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Valuing young or start-up firms

Valuing young or start-up firms

Many of the firms that we take into consideration in our articles are publicly traded firms with established operations. But what about young firms that have just started operations? There are many analysts who argue that these firms cannot be valued because they have no history and, in some cases, no products or services to sell. In this article, we will present a dissenting point of view. While conceding that valuing young firms is more difficult to do than valuing established firms, we will argue that the fundamentals of valuation do not change. The value of a young, start-up firm is the present value of the expected cash flows from its operations, though estimates of these expected cash flows may require us to go outside of our normal sources of information which include historical financial statements and the valuation of comparable firms.

Information Constraints

When valuing a firm, you draw on information from three sources. The first is the current financial statements for the firm. You use these to determine how profitable a firm’s investments are or have been, how much it reinvests back to generate future growth and for all of the inputs that are required in any valuation. The second is the past history of the firm, both in terms of earnings and market prices. A firms earnings and revenue history over time lets you make judgments on how cyclical a firms business has been and how much growth it has shown, while a firms price history can help you measure its risk. Finally, you can look at the firms competitors or peer group to get a measure of how much better or worse a firm is than its competition, and also to estimate key inputs on risk, growth and cash flows.

While you would optimally like to have substantial information from all three sources, you may often have to substitute more of one type of information for less of the other, if you have no choice. Thus, the fact that there exists 75 years or more of history on each of the large automakers in the United States compensates for the fact that there are only three of these automakers. In contrast, there may be only five years of information on Abercombie and Fitch, but the firm is in a sector (specialty retailing) where there are more than 200 comparable firms. The ease with which you can obtain industry averages and the precision of these averages compensates for the lack of history at the firm.

There are some firms, especially in new sectors of the market, where you might run into information problems. First, these firms usually have not been in existence for more than a year or two, leading to a very limited history. Second, their current financial statements reveal very little about the component of their assets – expected growth that contributes the most to their value. Third, these firms often represent the first of their kind of business. In many cases, there are no competitors or a peer group against which they can be measured. When valuing these firms, therefore, you may find yourself constrained on all three counts, when it comes to information. How have investors responded to this absence of information? Some have decided that these stocks cannot be valued and should not therefore be held in a portfolio. Others have argued that while these stocks cannot be valued with traditional models, the fault lies in the models. They have come up with new and inventive ways, based upon the limited information available, of justifying the prices paid for them. We will argue in this chapter that discounted cash flow models can be used to value these firms.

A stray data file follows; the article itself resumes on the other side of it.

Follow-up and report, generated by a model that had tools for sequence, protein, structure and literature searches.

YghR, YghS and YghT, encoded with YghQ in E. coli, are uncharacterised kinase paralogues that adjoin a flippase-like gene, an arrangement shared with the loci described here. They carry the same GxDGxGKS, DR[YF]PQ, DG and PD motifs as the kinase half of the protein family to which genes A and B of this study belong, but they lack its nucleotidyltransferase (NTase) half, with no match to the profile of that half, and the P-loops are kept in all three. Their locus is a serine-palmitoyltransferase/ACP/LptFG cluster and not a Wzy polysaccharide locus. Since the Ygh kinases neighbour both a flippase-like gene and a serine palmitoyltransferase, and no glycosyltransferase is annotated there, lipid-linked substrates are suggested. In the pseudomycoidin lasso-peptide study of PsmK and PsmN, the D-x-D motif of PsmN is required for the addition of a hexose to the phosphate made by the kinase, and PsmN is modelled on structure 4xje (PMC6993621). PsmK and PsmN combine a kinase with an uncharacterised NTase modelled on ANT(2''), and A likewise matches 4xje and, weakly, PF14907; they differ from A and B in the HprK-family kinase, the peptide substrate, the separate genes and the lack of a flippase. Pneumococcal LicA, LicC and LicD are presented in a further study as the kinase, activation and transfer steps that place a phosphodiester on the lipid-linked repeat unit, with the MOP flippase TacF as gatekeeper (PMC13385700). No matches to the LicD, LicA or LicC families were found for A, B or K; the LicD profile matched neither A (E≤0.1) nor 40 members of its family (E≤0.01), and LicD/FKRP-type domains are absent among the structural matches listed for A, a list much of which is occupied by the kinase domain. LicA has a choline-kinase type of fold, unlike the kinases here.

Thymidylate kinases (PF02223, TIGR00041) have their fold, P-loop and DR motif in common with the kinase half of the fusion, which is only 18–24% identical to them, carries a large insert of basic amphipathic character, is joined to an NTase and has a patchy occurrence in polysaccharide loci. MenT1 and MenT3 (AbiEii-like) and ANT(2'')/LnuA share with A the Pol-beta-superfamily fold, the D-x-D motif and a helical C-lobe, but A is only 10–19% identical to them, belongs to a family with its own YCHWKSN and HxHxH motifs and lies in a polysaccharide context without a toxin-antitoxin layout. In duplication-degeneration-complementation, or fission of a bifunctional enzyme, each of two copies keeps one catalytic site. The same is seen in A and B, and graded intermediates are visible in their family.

New Paradigms or Old Principles: A Life Cycle Perspective

The value of a firm is based upon its capacity to generate cash flows and the uncertainty associated with these cash flows. Generally speaking, more profitable firms have been valued more highly than less profitable ones. However, young start-up firms often lose money but still sometimes have high values attached to them. This seems to contradict the proposition about value and profitability going hand in hand. There seems to be, at least from the outside, one more key difference between young, start-up firms and other firms in the market. A young firm does not have significant investments in land, buildings or other fixed assets and seem to derive the bulk of its value from intangible assets.

The negative earnings and the presence of intangible assets are used by analysts as a rationale for abandoning traditional valuation models and developing new ways that can be used to justify investing in young firms. For instance, internet companies in their infancy were compared based upon their value per site visitor, computed by dividing the market value of a firm by the number of viewers to their web site. Implicit in these comparisons is the assumptions that more visitors to your site translate into higher revenues, which, in turn, it is assumed will lead to greater profits in the future. All too often, though, these assumptions are neither made explicit nor tested, leading to unrealistic valuations.

This search for new paradigms is misguided. The problem with young firms is not that they lose money, have no history or do not have substantial tangible assets. It is that they are far earlier in their life cycles than established firms and often have to be valued before they have an established market for their product. In fact, in some cases, the firms being valued have an interesting idea that could be commercial but has not been tested yet. The problem, however, is not a conceptual problem but one of estimation. The value of a firm is still the present value of the expected cash flows from its assets, but those cash flows are likely to be much more difficult to estimate.

Following figure offers a view of the life cycle of the firm and how the availability of information and the source of value change over that life cycle.